Thus, Paul’s apocalyptic eschatology can be comprehended in more depth by studying the Jewish apocalyptic works and apocalypses that are roughly contemporaneous with him. Within this consensus resides another agreement. It has two dimensions. First, Paul must be understood within Second Temple Judaism, and specifically, with Jewish apocalyptic eschatology. … Second, neither of these brilliant New Testament scholars, Käsemann or Beker, showed any real interest in mastering, reading, or comprehending the complex world of the Jewish apocalypses. They did not give us a clear understanding of Jewish apocalyptic thought and how, and in what ways, it is distinguished from prophecy, mysticism, and that elusive category called “Gnosticism.” (84-85) [This is exactly NT Wright’s point.]
He then proceeds to define the terms:
First, “apocalypse” is a genre of literature that appeared within Palestinian Judaism sometime after 300BCE.
Second, apocalypticism is the social setting in which the Jewish apocalypses and apocalyptic works first emerged.
Third, under the distress of occupation, Jews created apocalyptic eschatology that assumes that time has meaning and is linear. The end time will be a return to the beginning of time, when humans walked in the cool of the evening with God, could talk to animals, and were at peace with themselves in a pleasant land (86).
Two phenomena occurred [when an apocalypse was read]. First, the person was transported from this horrible world to the heavenly world above, spatially, or beyond time.
The second phenomenon that occurred was “redefinition.” The poor were revealed to be the rich. The conquered were disclosed to be the conquerors. The lost were the found. Thus, the faithful Jews who refused to obey the edicts of the Seleucid kings and Roman governors were willing to be martyred. To be obedient and to die for God and country was to live eternally. Virtually all was redefined by an apocalyptic perception of space and time and this redefinition often, depending on one’s own antecedent beliefs, led to a heightened awareness of the need to live moral lives as the judgment was near (87).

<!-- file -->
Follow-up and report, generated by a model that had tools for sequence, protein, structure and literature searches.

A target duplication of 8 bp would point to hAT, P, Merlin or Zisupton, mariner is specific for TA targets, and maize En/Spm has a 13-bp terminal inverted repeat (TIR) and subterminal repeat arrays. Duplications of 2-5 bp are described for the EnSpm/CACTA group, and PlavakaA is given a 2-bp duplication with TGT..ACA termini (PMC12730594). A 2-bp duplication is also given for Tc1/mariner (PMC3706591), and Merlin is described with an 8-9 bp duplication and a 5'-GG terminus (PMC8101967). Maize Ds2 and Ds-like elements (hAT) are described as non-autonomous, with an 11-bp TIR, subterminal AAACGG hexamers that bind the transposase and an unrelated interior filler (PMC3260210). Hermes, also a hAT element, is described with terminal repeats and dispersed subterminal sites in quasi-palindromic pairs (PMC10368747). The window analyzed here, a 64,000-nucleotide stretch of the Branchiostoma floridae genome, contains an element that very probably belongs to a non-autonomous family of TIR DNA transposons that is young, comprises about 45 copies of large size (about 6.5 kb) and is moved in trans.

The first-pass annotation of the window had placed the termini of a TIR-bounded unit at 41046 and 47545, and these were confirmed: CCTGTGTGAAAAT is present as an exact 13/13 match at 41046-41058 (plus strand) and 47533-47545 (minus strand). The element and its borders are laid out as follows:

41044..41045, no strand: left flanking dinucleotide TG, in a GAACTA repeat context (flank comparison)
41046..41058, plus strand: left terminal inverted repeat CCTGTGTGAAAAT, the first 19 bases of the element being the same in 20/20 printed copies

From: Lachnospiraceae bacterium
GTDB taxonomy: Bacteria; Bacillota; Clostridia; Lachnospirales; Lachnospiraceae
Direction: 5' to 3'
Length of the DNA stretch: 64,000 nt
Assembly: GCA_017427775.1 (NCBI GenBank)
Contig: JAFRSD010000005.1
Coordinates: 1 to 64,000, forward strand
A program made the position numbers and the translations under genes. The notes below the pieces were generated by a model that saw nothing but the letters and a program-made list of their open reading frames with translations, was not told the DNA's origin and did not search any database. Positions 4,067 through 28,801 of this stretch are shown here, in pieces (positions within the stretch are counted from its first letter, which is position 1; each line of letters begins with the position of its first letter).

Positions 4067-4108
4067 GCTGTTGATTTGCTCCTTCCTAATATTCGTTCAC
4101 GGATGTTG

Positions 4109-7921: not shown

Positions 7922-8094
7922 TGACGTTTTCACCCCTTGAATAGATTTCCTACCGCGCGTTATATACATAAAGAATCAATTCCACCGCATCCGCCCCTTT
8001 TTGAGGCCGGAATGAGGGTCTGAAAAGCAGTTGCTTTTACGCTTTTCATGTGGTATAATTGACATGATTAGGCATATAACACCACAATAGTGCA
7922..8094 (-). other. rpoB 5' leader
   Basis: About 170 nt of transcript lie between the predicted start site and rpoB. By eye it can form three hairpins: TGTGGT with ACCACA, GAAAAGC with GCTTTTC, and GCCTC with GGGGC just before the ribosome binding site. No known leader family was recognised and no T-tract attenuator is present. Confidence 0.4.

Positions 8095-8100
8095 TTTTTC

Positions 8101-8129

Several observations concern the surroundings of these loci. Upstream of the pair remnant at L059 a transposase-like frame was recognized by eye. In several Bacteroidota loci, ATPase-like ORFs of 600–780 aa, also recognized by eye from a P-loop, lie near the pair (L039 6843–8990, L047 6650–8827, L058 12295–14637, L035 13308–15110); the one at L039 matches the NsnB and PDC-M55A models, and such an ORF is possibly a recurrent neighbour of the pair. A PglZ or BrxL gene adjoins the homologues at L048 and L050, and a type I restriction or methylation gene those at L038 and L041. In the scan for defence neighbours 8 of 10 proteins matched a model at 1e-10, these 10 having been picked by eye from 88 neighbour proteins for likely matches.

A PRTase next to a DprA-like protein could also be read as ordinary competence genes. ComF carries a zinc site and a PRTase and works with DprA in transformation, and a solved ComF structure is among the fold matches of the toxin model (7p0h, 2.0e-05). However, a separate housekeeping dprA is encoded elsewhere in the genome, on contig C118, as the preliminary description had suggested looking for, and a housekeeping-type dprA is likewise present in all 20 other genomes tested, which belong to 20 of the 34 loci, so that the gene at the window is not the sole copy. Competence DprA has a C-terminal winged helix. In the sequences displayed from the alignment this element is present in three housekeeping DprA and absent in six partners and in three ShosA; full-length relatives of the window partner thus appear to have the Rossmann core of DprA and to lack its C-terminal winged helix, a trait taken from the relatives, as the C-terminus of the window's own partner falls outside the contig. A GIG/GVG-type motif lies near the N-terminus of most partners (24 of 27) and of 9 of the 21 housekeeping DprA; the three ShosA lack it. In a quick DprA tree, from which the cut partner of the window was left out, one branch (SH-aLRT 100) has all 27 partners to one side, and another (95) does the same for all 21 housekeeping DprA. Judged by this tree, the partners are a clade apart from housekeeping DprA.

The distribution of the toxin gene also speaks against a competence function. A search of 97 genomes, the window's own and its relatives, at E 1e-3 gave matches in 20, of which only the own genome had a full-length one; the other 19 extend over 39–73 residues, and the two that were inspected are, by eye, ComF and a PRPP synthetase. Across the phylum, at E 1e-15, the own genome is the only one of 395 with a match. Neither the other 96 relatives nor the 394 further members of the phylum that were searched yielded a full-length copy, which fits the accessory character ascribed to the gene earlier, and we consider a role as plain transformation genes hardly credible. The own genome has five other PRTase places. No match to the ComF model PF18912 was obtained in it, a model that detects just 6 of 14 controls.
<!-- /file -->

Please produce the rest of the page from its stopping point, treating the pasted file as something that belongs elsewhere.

[Importantly, Charlesworth adds:] Not all apocalyptic thought is eschatology, that is, focused on the end of things or end time. It may be primarily spatial, focusing our attention on the heavens above or on far-off and ideal sacred spaces such as Eden, paradise, and the isle of the blessed ones.24 The noun “eschatology” should be reserved to discuss and comprehend concepts and terms that are shaped by time and the end of time (87).
Charlesworth touches lightly upon the themes of Paul influenced by apocalyptic: like fullness of time, 2 Cor 12, resurrection, Paul’s christology (which he connects to a freshly translated DSS “Self-Glorification Hymn,” and Paul’s theology of salvation and the cross. His conclusion:
All scholars know that a text must have a context; otherwise, it can mean anything we wish or nothing at all. The context of Pauline theology and Christology is Jewish apocalypticism and apocalyptic eschatology. In that context, we can explore the meaning of Paul’s concept of justification, salvation, reconciliation, expiation, redemption, freedom, sanctification, transformation, new creation, and glorification (100).